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The Decline of Creativity in E-mail Scams

Published February 17th, 2012 in Coffee Break | Comments Off on The Decline of Creativity in E-mail Scams

My years of dealing with the internet have given me a rather odd hobby. I like to read and critique e-mail spam, especially the kind that try to get me to do something remarkably stupid. If that makes you curious and tempts you to visit your spam folder, I have just one thing to say. Don’t bother. It’s just not worth it anymore. The creativity’s gone and you might as well read the telephone book.

Walter Mitty rides again

Sometimes I miss the glory days of the great Nigerian e-mail scams. Yes, they were illegal and unethical, but you have to admit whoever organized them had a thorough knowledge of human nature and an ability to concoct a plausible story. Whether the scammer took the role of a banker trying to get a client’s money out of the country or a desperate widow trying to save her inheritance, the scenarios were perfectly crafted to target the Walter Mitty type. The mark may have been a bored convenience store manager, but in his heart he was a budding secret agent or knight errant. Better yet, he could live out his fantasy and get rich quick at the same time. Someone out there may not have had the best grasp of English grammar and spelling, but knew the target audience very well.

Getting careless

I never had any desire to help the banker or the widow, but I almost missed them when I started getting e-mails from barristers in the UK, telling me a distant cousin had left me a tidy sum of money. At first, I read these with fascination, but they got boring fast. They weren’t well crafted at all. Might have been believable if my background wasn’t British enough to know that barristers are trial lawyers and wills are handled by solicitors. Still, someone out there was getting slipshod. The banker and the widow had plausible stories. If you didn’t know better, they’d be easy to believe. The stories told by the barristers and their successors in mischief were as full of holes as a Swiss cheese.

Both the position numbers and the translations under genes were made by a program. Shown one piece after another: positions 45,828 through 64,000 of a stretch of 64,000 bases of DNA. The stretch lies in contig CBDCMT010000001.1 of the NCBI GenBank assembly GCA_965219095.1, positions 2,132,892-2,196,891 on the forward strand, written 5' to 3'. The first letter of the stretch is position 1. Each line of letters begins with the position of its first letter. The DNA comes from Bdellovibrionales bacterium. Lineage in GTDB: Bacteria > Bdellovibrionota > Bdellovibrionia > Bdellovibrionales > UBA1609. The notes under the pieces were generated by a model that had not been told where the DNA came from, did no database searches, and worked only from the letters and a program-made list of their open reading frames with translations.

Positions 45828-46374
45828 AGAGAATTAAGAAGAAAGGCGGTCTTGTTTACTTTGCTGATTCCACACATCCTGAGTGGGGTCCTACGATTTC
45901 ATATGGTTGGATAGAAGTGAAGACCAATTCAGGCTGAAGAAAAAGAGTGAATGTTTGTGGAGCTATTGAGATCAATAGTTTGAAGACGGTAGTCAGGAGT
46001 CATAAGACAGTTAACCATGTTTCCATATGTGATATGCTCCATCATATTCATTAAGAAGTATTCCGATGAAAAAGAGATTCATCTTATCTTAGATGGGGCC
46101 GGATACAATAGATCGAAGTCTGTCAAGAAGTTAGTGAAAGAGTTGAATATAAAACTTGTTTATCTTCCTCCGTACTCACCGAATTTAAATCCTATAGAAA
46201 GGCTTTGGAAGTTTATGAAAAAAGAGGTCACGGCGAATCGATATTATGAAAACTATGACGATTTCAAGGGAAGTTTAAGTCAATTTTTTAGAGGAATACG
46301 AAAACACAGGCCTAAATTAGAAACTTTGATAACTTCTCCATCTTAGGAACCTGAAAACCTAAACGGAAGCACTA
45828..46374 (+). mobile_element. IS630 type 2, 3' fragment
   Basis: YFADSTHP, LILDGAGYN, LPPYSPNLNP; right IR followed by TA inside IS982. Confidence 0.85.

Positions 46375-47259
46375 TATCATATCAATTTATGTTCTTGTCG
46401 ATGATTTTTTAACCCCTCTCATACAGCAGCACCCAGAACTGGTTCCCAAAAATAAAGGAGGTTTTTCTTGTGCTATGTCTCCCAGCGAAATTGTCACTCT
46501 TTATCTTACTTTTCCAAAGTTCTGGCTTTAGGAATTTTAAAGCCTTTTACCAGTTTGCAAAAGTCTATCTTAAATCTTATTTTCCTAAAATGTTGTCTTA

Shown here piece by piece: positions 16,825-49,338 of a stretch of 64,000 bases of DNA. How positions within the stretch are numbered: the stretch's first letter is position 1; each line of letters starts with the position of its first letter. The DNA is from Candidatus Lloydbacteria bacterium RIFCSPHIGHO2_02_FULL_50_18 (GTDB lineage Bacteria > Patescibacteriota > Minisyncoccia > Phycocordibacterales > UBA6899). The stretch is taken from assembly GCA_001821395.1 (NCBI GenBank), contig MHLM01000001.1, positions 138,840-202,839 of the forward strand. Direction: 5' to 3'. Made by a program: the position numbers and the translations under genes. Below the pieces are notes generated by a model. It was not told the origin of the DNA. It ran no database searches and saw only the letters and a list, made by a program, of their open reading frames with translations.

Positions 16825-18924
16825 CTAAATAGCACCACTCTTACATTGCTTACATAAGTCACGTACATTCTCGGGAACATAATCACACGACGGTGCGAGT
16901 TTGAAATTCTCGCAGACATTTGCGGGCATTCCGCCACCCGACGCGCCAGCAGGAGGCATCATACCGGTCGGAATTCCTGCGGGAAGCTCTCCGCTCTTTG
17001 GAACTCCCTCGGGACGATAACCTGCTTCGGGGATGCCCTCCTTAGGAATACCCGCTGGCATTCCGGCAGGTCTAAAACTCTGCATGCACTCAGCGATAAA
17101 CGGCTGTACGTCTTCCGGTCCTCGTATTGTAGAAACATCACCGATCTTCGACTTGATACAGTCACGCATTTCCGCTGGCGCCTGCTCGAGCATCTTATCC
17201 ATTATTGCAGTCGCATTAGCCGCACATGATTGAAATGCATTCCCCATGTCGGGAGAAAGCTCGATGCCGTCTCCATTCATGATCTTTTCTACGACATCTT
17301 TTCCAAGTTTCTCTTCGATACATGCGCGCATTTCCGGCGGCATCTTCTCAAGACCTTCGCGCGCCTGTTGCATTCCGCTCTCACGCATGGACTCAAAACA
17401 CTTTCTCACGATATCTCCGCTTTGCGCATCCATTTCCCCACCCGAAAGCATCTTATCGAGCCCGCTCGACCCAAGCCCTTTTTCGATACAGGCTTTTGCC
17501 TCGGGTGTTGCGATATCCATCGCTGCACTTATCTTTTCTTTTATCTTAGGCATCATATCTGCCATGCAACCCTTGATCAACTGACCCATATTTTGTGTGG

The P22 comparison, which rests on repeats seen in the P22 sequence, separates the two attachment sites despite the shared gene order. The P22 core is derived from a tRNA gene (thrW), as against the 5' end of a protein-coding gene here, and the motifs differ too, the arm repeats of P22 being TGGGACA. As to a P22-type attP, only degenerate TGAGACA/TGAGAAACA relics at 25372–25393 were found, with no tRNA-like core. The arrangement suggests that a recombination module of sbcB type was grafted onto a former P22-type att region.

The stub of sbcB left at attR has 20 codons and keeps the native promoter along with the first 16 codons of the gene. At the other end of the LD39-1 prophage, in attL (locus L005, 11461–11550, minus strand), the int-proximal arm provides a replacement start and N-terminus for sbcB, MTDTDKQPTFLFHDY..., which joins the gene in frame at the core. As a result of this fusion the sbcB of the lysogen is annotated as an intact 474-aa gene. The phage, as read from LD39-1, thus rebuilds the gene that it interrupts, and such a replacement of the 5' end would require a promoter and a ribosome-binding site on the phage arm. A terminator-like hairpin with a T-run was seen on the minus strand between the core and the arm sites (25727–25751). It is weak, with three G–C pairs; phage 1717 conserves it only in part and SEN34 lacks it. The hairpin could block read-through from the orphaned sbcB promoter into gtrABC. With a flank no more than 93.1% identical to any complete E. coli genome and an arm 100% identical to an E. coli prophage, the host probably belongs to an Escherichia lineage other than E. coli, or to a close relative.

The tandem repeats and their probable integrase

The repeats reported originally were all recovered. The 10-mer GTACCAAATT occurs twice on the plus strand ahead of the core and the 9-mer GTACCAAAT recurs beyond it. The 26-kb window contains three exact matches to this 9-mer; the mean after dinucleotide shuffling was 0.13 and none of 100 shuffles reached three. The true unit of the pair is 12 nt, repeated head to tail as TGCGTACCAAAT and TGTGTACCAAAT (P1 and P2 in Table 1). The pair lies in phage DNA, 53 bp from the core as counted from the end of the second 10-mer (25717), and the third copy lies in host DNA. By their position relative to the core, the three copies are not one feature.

Enter the phish

Winning the Microsoft Lottery four times in one day, on four different e-mail accounts showed me the world of e-mail scams was changing. With the rise of phishing, all creativity was gone. No more stories, believable or otherwise, just a notice that I’d won a lottery I’d never entered. Since then it’s been all variations on a theme. Send us your information or open the attachment. You have to wonder what happened? Were the tactics changed because too many people knew the old stories and victims were getting scarce? Did they find out that it was easier to make more money by minimizing the personal contact and just going for the bank and credit card information? Maybe the whole operation is automated now and the scammer barons just sit back and let the money roll in? Who knows? All I know is that there’s no fun left in reading the things.

Hitting rock bottom

I think today might mark the last time I bother to read scam spam. You can’t get any worse than this one. “Please find the parking ticket appeal form in the attachment to this email. Failure to submit the form within 28 days will result in $200 fine.” It was signed “Traffic Penalty Council”. Worse yet, it was addressed “dear *****@****.com . Someone else’s address. They’re not even bothering to personalize the things anymore.

There’s room for hope though. If scams don’t sharpen up a bit and come up with new and more convincing material they might just fade away. After all, the gullible may be a big target audience, but even the terminally stupid figure things out eventually.

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Jeffrey Smith

Jeffrey Smith

A loose cannon by right of descent, Jeffrey developed a fascination with figuring out anything related to computers precisely because he never even saw one in school. He's been writing for over thirty years and blogging for five, primarily on local history, medieval history, church architecture, and religious art. Jeffrey describes his interests as, "too confounded many for a well-ordered life."
Jeffrey Smith

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